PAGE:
Biology

Bloodletting Is Still Happening: Referred To As Therapeutic Phlebotomy

Bloodletting is the practice of withdrawing blood from patients with the aspiration of healing or curing some disease or ailment. It remains popular since ancient Egypt but now it’s not a common treatment for any illness anymore.  The ancient physician came up with the idea of four humors that contains in our body: phlegm, black bile, yellow bile, and blood.

They strongly believed that it could lead to illness if the four fluids were imbalanced, so they drain some blood from the patient’s body to heal. They used multi-blade flame or leeches as a tool for draining blood from the body. Bloodletting stayed really popular through the 17th and 18th centuries.

King Charles II was bled after suffering a stroke and George Washington was bled multiple times when he came down with a throat infection. Both of them died within a few days.

But today bloodletting is referred to as phlebotomy in medicine,  instead of using blood vessel shredding tools though blood is now mostly taken intravenously with tubes.

Few studies have shown conclusive benefits from phlebotomy but most hypotheses focus on the role of excess iron in certain diseases most of your body’s iron is in your red blood cells in hemoglobin (a protein important for shuttling oxygen through your body).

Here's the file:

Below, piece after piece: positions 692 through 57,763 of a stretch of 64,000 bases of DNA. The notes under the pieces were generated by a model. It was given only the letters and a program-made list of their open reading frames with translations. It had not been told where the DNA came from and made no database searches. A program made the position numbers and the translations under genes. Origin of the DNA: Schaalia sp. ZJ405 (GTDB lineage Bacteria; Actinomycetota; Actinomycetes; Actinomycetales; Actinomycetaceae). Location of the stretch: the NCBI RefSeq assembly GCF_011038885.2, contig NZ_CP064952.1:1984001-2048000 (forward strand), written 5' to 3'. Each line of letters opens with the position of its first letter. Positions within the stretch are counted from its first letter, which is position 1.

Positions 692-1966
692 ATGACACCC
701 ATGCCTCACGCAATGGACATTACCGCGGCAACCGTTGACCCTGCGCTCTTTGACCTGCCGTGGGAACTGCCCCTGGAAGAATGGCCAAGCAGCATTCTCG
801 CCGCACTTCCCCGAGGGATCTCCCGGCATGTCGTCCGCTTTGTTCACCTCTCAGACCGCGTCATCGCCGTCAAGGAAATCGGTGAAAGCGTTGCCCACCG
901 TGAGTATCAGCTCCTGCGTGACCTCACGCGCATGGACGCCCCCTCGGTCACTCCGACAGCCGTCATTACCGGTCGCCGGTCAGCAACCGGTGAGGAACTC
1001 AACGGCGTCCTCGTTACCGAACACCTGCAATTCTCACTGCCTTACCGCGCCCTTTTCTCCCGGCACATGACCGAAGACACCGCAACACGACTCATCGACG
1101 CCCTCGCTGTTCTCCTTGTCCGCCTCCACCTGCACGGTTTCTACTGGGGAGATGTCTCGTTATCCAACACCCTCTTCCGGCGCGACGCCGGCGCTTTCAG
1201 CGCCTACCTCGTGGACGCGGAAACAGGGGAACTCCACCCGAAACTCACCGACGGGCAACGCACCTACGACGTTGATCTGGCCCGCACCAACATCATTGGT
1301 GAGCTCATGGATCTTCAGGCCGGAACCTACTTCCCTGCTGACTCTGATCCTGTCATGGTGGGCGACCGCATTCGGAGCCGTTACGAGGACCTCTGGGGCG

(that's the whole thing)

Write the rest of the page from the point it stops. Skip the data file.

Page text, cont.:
Too little iron is a well-understood cause of fatigue and has serious consequences for the fetal brain on the other hand too much iron is bad which can accept and donate electrons easily which is great for shuttling oxygen but it can also lead to the formation of free radicals. These highly unstable molecules have unpaired electrons so they react readily with DNA RNA and proteins and can lead to various diseases. One idea is that by reducing excess iron fewer free radicals will be floating around and your cells may be safer.

One very small case seven patients who had frequent phlebotomy treatments for a few years spent less total time in hospitals just over 30 visits instead of 150 the patients also reported less pain after treatment.

A person with polycythemia has bone marrow that’s producing too many red blood cells which could lead to blood clots and serious consequences like permanent organ damage routinely removing blood has been shown to improve blood flow and decrease that risk.

The article is obtained from the video given below, for further understanding watch the video.

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